The big accordion had little legs beneath it.
Patsy Pace flashed a wide grin as he looked out behind the 22-pound musical instrument. Weighing only 55 pounds himself, he needed his mother’s assistance to strap on the bulky contraption.
He fidgeted about in his suit and tie, running his pudgy fingers over the keys and switches, pulling and pushing the bellows of the shiny accordion until he felt comfortable.
Black hair combed to perfection, the 7-year-old Akron boy waited to take the stage.
The audience applauded politely 75 years ago when Patsy’s name was announced at Hammerstein Music Hall in New York. With rhinestones reflecting off the black-and-white accordion, the eager youngster walked into the spotlight, stood before a microphone and looked up at the famous host.
“I’m 6 years old,” Patsy gushed, apparently too excited to remember his recent seventh birthday. “And my mama is 23. I said my prayers all day so now I guess I’ll play good.”
CBS radio host Edward Bowes, the 62-year-old drillmaster of Major Bowes’ Amateur Hour, sponsored a special “Salute to Akron” during the national talent show on May 20, 1937. Besides Patsy, Akron residents competing that Thursday evening were former telephone operator Kitty Graham, city trash collector Tommy Flocker and truck driver Eddie Wilson. Winners were decided each week by a national phone-in contest.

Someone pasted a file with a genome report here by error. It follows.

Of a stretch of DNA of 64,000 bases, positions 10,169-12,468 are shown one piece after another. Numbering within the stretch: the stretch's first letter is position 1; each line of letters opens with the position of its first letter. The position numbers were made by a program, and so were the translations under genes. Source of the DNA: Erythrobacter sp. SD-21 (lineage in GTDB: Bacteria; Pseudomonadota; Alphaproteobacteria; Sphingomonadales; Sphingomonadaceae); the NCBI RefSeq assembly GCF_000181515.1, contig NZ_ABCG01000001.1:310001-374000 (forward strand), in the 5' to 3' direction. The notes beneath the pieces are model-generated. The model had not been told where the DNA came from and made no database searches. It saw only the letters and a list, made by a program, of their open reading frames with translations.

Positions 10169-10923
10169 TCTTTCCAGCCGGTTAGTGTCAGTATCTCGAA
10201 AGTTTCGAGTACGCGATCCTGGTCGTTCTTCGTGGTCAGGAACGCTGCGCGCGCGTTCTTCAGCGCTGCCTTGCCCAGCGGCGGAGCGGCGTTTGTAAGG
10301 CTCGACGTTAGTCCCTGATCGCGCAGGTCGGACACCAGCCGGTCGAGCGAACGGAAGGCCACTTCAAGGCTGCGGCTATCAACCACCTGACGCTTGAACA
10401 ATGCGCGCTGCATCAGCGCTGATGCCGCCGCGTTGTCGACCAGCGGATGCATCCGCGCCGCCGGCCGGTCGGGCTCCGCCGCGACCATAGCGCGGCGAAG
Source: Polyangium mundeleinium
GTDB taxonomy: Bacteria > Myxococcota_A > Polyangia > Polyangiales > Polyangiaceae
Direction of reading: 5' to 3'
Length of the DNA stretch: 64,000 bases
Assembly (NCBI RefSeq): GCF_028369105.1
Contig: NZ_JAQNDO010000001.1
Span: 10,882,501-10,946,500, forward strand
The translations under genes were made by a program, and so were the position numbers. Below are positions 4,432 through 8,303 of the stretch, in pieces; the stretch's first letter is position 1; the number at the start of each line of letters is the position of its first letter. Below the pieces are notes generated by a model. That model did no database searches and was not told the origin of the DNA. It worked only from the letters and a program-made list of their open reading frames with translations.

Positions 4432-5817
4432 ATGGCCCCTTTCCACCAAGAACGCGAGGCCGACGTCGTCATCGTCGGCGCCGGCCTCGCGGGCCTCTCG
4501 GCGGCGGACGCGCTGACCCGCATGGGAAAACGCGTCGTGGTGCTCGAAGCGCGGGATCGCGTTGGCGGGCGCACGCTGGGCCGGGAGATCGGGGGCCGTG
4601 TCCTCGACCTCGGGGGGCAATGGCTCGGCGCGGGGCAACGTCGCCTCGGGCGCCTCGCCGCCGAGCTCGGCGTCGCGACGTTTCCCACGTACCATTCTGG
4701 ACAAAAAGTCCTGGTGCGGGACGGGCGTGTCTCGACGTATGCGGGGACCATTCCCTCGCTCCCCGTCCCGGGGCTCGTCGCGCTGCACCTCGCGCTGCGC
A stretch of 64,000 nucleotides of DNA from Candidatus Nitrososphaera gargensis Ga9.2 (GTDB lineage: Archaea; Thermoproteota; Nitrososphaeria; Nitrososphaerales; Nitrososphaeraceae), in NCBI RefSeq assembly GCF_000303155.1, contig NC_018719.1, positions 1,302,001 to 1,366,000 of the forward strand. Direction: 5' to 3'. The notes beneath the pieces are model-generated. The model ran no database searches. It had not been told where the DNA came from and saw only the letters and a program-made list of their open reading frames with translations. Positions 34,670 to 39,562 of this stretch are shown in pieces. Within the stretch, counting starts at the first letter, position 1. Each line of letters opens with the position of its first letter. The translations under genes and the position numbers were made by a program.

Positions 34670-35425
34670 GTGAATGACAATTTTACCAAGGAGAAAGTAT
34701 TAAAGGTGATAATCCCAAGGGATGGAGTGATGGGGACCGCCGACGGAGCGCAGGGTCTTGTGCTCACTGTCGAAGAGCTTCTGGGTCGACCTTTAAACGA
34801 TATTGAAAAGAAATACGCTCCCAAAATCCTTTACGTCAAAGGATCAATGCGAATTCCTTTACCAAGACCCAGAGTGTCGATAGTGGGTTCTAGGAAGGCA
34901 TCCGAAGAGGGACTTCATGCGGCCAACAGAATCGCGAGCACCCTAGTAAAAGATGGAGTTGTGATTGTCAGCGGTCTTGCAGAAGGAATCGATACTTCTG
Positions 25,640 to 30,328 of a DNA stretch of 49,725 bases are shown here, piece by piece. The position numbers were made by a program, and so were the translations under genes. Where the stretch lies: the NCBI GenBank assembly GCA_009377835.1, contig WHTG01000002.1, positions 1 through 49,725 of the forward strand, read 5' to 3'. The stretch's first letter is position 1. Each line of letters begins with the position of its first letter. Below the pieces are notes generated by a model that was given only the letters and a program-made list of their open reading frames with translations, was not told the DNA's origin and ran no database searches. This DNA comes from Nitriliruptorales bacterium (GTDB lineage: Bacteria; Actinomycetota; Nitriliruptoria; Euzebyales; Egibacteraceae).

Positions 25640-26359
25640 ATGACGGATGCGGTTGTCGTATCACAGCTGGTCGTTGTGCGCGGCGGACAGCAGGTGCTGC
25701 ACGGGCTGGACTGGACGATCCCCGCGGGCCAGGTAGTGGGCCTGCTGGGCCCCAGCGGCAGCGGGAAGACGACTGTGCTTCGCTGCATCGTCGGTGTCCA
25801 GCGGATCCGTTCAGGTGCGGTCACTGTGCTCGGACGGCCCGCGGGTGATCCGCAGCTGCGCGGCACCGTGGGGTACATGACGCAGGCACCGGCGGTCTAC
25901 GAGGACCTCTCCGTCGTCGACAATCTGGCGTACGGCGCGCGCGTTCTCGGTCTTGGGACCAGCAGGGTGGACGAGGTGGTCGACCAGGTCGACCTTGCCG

For the occasion, Akron Mayor Lee D. Schroy bestowed upon Bowes the titles of “Honorary Mayor,” “Honorary Chief of Police,” “Honorary Fire Chief” and “Honorary Assistant Manager to Shorty Fulton at the Akron Municipal Airport.” The University of Akron named Bowes as “Grand Marshal of May Day.”
Meanwhile, Goodyear Tire & Rubber Co. presented the radio host with five new tires for his automobile. Made with a special mold, they were imprinted with Bowes’ name. The company also gave him a lifetime pass on any Akron blimp.
Surely, the city wasn’t trying to butter up the no-nonsense Bowes, who was known to stop a mediocre performer in mid-act by sounding a gong.
In Akron, the program aired on WADC radio. Technicians spent weeks installing a $1,700 telephone exchange on the fifth floor of the Ohio Bell building on West Bowery Street.
The program hired 100 young women for $2 each to answer 75 phones. The exchange Melrose 1212 existed for one night only. Families were allowed three votes while groups could vote up to 25 times.
When the national broadcast began at 8 p.m., the lines opened. Calls flooded the Akron exchange until all 75 phones were busy.
“This is the Major Bowes’ Amateur Hour,” each operator answered cheerfully. “What is your vote, please?”
Patsy Pace, the son of James and Josephine Pace, became a little star that evening.
A student at Bryan Elementary, Patsy lived at 46 S. Charles St. between the North Hill Viaduct and Howard Street. He was born in the home on Feb. 19, 1930, as Pasquale Pace.
At age 4, he found a cousin’s accordion and began pressing keys with his tiny fingers. Patsy’s family was amazed to hear recognizable tunes take shape.
“I just knew when the notes were wrong,” he explained decades later to the Beacon Journal. “I was told later I had perfect pitch. It wasn’t something I developed. I was born with it.”
Within a couple of months, little Patsy could play standard tunes on a toy accordion. He graduated to a larger model after his family ordered an instrument from the Italo-American Accordion Co. of Chicago. The name “P. PACE” was embedded in sparkling rhinestones.